Enclosure castle known as Gleaston Castle


Heritage Category:
Scheduled Monument
List Entry Number:
Date first listed:
Date of most recent amendment:


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The building or site itself may lie within the boundary of more than one authority.

South Lakeland (District Authority)
National Grid Reference:
SD 26161 71466

Reasons for Designation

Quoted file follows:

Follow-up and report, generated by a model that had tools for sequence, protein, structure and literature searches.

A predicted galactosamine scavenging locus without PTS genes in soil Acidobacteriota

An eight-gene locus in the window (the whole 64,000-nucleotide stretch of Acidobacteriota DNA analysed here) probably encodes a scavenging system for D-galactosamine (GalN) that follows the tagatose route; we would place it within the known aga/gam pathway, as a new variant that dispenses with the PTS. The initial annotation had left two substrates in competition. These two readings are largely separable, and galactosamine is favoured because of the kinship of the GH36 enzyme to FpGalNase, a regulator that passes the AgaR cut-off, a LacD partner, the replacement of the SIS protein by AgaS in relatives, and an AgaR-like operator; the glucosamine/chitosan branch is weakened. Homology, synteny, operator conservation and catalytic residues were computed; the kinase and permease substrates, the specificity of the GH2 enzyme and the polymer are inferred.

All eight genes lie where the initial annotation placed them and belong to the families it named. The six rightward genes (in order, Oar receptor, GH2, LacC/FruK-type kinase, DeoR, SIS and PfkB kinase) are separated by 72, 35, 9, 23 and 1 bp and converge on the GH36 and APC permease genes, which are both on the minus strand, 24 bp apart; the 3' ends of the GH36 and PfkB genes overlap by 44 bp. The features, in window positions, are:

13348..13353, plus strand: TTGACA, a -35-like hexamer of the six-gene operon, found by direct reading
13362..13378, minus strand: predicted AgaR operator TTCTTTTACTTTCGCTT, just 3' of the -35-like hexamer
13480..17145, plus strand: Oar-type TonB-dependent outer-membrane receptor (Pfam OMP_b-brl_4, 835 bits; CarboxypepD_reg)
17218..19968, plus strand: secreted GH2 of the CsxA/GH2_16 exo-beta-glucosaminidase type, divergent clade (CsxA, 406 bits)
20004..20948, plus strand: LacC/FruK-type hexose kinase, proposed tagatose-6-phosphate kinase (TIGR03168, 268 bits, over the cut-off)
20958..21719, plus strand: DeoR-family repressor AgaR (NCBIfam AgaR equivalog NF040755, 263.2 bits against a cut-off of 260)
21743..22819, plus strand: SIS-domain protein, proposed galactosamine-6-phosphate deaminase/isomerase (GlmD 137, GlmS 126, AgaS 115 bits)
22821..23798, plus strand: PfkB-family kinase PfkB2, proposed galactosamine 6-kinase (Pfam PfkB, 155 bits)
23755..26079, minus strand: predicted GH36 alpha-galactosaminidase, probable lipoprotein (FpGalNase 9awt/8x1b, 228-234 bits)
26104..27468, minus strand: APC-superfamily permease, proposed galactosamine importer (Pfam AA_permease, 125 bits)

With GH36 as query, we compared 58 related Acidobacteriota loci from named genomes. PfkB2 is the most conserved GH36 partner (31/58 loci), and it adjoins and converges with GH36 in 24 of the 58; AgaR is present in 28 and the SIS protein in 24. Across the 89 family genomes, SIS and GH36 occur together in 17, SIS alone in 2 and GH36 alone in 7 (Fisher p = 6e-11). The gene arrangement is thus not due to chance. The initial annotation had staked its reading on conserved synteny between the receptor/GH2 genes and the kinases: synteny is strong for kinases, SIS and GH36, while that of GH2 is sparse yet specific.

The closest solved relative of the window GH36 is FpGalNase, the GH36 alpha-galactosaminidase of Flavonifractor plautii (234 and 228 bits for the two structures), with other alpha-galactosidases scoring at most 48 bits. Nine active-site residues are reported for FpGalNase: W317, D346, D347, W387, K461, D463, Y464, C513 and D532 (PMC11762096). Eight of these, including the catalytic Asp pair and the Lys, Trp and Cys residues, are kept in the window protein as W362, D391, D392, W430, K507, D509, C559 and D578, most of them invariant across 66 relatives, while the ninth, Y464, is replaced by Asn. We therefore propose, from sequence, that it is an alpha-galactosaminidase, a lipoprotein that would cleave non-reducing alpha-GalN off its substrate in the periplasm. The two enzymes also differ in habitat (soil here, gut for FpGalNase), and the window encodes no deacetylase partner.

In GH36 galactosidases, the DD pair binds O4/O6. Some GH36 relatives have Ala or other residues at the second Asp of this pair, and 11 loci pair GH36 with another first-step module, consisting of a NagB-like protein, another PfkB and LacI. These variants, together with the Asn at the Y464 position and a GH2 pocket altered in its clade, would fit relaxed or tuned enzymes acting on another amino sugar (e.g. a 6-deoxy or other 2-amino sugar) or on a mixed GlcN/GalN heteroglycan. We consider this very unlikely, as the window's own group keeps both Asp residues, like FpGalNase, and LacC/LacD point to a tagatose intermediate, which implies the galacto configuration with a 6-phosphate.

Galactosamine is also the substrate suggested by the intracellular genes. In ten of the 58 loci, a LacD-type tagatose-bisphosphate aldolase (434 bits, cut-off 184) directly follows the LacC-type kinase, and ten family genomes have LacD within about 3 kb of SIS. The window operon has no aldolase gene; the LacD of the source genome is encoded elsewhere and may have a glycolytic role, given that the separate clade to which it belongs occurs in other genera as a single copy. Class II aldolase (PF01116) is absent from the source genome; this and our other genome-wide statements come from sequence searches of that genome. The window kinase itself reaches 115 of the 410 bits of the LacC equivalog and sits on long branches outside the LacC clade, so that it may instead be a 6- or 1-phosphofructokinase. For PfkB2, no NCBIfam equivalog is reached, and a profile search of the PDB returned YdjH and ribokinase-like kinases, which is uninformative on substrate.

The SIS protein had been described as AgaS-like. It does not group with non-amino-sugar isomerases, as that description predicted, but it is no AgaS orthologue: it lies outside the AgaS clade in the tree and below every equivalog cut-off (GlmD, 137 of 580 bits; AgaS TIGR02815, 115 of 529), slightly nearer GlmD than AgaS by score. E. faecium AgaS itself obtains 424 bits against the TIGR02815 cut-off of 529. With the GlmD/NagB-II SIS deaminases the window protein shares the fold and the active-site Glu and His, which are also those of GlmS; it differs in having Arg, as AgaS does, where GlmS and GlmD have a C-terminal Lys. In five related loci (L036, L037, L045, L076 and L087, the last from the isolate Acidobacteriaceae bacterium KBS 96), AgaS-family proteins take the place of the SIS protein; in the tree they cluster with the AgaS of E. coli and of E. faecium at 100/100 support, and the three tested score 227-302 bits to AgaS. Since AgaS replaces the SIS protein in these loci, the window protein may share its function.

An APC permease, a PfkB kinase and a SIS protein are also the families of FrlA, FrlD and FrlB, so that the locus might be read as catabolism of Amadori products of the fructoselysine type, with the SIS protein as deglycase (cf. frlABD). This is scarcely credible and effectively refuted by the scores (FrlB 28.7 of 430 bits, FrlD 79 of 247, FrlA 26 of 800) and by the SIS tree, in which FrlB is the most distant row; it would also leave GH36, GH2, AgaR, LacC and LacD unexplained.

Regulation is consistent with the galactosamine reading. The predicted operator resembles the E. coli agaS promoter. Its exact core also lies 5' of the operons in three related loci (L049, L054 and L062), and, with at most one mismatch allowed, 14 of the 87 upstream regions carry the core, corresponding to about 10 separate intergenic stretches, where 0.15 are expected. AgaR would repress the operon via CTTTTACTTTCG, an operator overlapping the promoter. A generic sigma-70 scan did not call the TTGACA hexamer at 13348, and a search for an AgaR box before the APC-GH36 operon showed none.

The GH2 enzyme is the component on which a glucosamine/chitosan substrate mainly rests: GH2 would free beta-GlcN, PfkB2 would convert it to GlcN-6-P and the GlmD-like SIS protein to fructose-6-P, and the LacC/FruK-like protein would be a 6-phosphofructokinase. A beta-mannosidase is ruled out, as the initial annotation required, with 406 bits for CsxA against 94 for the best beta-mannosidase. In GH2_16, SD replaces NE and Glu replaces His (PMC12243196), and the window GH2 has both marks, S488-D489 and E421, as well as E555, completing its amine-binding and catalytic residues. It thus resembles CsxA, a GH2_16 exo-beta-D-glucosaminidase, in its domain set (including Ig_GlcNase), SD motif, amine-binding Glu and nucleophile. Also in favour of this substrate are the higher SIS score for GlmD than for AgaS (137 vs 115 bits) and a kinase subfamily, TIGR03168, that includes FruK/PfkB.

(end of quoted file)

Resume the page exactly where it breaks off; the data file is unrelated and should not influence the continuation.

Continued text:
An enclosure castle is a defended residence or stronghold, built mainly of stone, in which the principal or sole defence comprises the walls and towers bounding the site. Some form of keep may have stood within the enclosure but this was not significant in defensive terms and served mainly to provide accommodation. Larger sites might have more than one line of walling and there are normally mural towers and gatehouses. Outside the walls a ditch, either waterfilled or dry, crossed by bridges may be found. The first enclosure castles were constructed at the time of the Norman Conquest. However, they developed considerably in form during the 12th century when defensive experience gained during the Crusades was applied to their design. The majority of examples were constructed in the 13th century although a few were built as late as the 14th century. Some represent reconstructions of earlier medieval earthwork castles of the motte and bailey type, although others were new creations. They provided strongly defended residences for the king or leading families and occur in both urban and rural situations. Enclosure castles are widely dispersed throughout England, with a slight concentration in Kent and Sussex supporting a vulnerable coast, and a strong concentration along the Welsh border where some of the best examples were built under Edward I. They are rare nationally with only 126 recorded examples. Considerable diversity of form is exhibited with no two examples being exactly alike. With other castle types, they are major medieval monument types which, belonging to the highest levels of society, frequently acted as major administrative centres and formed the foci for developing settlement patterns. Castles generally provide an emotive and evocative link to the past and can provide a valuable educational resource, both with respect to medieval warfare and defence and with respect to wider aspects of medieval society. All examples retaining significant remains of medieval date are considered to be nationally important.